burglaries, a household member was present during the burglary.
In 7% of all household burglaries, a household member
experienced some form of violent victimization (figure 1).

3.7 million per year from 2003 to 2007 is 18.5 million. That’s 5.18 million cases where a household member was present, and ~1.3 million cases where a household member was a victim of some act of violence.

In that five year period, home many large-scale gun massacres occurred?

Good Solid B-Plus on March 14, 2013 at 9:13 PM

No fair! Mitchell is an idiot. But then, so is Lady Di.

GarandFan on March 14, 2013 at 9:13 PM

Two examples in a population as large as the U.S. is “empirical” in your mind? I don’t think you quite understand what empirical evidence of an argument is.

libfreeordie on March 14, 2013 at 8:59 PM

So how many lives are saved by guns?

CW on March 14, 2013 at 9:15 PM

Upwards of 2.5 million crimes are stopped due to guns. Eat it.

CW on March 14, 2013 at 9:20 PM

Two examples in a population as large as the U.S. is “empirical” in your mind? I don’t think you quite understand what empirical evidence of an argument is.

libfreeordie on March 14, 2013 at 8:59 PM

Oh. You’re right. Let’s do what the Lancet did with Iraqi civilian casualties and extrapolate it out from that sample. I know of a dozen or so people who have used weapons to defend themselves or another in the civilian world over the past year or so.

That works out to about 20,000,000 defensive uses in the US.

Washington Nearsider on March 14, 2013 at 9:20 PM

Although the Second Amendment may seem to be the one amendment that specifically envisions some sort of regulation on its face, it is actually the opposite.

While common law has long maintained the position that “punctuation is no part of statute,” Hammock v. Farmers Loan & Trust Co, 105 U.S. 77, (1881), citing references from the late 18th and early 19th century), it does help us in two ways: 1) It helps divine intent; and 2) it shows how those with agendas are willing to even change the actual punctuation of the Constitution to further their agenda. It is important to pay attention to punctuation because the version that was ratified was not actually the version frequently quoted today.

The Second Amendment, as oft-stated today:

“A well-regulated Militia, being necessary to the security of a free State, the right of the people to keep and bear Arms, shall not be infringed.”

This formulation makes it appear that only those people in a “well-regulated” Militia (you’ll also notice that milita is capitalised meaning that it must be a state-sponsored “Militia” like the National Guard) have the right to keep and bear arms – a right, which shall not be infringed. With regard to “the people,” “shall not be infringed” almost becomes an afterthought in this version. But, about whom are we talking? Who would infringe upon the “right” of the people in the “Militia”?

Since it would be state-sponsored, that would have to be the Federal government. Yet, such an answer only raises another question. Why would the Framers have given the states a specific right in the Second when they intended that the states have all “powers not delegated to the United States by the Constitution, nor prohibited by it to the States…reserved…by the people”? Nowhere in the Bill of Rights are the states given specific rights. Indeed, states are given no rights in the first nine whatsoever. In the first nine amendments to the Constitution- even if we ignore the Second for the sake of argument – the rights recognised belong not to a government, but to citizens or people.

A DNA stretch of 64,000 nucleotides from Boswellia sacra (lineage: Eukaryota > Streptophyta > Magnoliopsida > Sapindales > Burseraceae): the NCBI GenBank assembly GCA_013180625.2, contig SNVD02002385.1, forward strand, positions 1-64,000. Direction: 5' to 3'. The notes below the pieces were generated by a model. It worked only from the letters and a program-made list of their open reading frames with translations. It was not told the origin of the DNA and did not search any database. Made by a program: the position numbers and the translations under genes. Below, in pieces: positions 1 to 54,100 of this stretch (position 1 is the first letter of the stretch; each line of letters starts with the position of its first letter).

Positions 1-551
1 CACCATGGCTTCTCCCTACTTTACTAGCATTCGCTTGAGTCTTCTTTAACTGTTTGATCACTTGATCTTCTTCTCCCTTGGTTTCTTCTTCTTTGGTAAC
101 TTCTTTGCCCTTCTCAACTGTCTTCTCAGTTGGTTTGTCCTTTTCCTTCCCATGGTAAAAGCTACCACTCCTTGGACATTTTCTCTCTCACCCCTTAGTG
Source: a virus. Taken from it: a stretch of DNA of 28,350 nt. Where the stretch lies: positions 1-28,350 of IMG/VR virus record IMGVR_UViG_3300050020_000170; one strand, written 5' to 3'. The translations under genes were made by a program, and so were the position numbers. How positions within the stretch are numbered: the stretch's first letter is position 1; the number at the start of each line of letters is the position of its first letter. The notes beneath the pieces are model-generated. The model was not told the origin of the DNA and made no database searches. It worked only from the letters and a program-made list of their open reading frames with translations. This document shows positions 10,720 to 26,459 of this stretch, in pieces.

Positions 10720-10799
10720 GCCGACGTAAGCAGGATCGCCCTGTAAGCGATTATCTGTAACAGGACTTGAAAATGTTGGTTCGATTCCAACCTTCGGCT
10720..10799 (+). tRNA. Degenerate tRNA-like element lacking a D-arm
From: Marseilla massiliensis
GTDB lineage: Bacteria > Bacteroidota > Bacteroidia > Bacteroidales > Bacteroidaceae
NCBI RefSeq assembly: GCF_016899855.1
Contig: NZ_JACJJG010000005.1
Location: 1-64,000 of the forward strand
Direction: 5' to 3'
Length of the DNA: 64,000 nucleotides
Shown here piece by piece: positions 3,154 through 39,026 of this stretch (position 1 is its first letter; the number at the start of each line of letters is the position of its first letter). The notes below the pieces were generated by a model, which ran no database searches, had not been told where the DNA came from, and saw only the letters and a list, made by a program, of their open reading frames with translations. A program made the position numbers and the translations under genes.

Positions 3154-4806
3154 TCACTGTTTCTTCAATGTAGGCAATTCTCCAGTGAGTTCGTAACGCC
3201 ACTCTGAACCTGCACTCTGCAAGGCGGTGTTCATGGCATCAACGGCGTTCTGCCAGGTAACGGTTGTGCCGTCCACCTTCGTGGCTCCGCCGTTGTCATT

Apart from being grammatically incorrect, this version simply doesn’t make any sense. Either people have a right, which shall not be infringed, or they do not.

According to both the Library of Congress and the Government Printing Office, the Second Amendment, as ratified by the States and authenticated by Thomas Jefferson, Secretary of State, only had one comma and reads as follows:

“A well-regulated militia being necessary to the security of a free state, the right of the people to keep and bear “shall not be infringed.”

“Well-regulated” modifies the word “militia.” It doesn’t apply to arms. The “right” of people to keep and bear arms “shall not be infringed.”

The Framers were giving a reason why people should have a right to bear arms, i.e., the security of a free state relied on a “well-regulated militia.” If they had wanted to do so – and, perhaps, they should have – they could have easily have dropped the modifying clause “a well-regulated militia being necessary to the security of a free state.” Now, I do understand why the states or even corporate (not necessarily in the way that the word is defined today) entities may have wanted a defined right to bear arms and have a well-regulated – meaning well-equipped, well-disciplined, well-organised – militia considering the recent history at the time of the Second Amendment’s drafting. So, the incorporation of the “well-regulated militia” clause in the amendment certainly has a solid legal and historical basis, but it has no bearing on the right of people, as individuals, to bear arms. The Tenth Amendment could certainly have protected the states’ rights to have “well-regulated militias” and the Second Amendment would have still protected the rights of “corporate entities” to bear arms, along with the assemblage protection of the First. Nevertheless, the intent of the Founders was clear, if one reads the Federalist Papers, the Anti-Federalist Papers, and the correspondence and other writings of the Framers. They intended for a free people’s natural right to bear arms to not be infringed upon by government.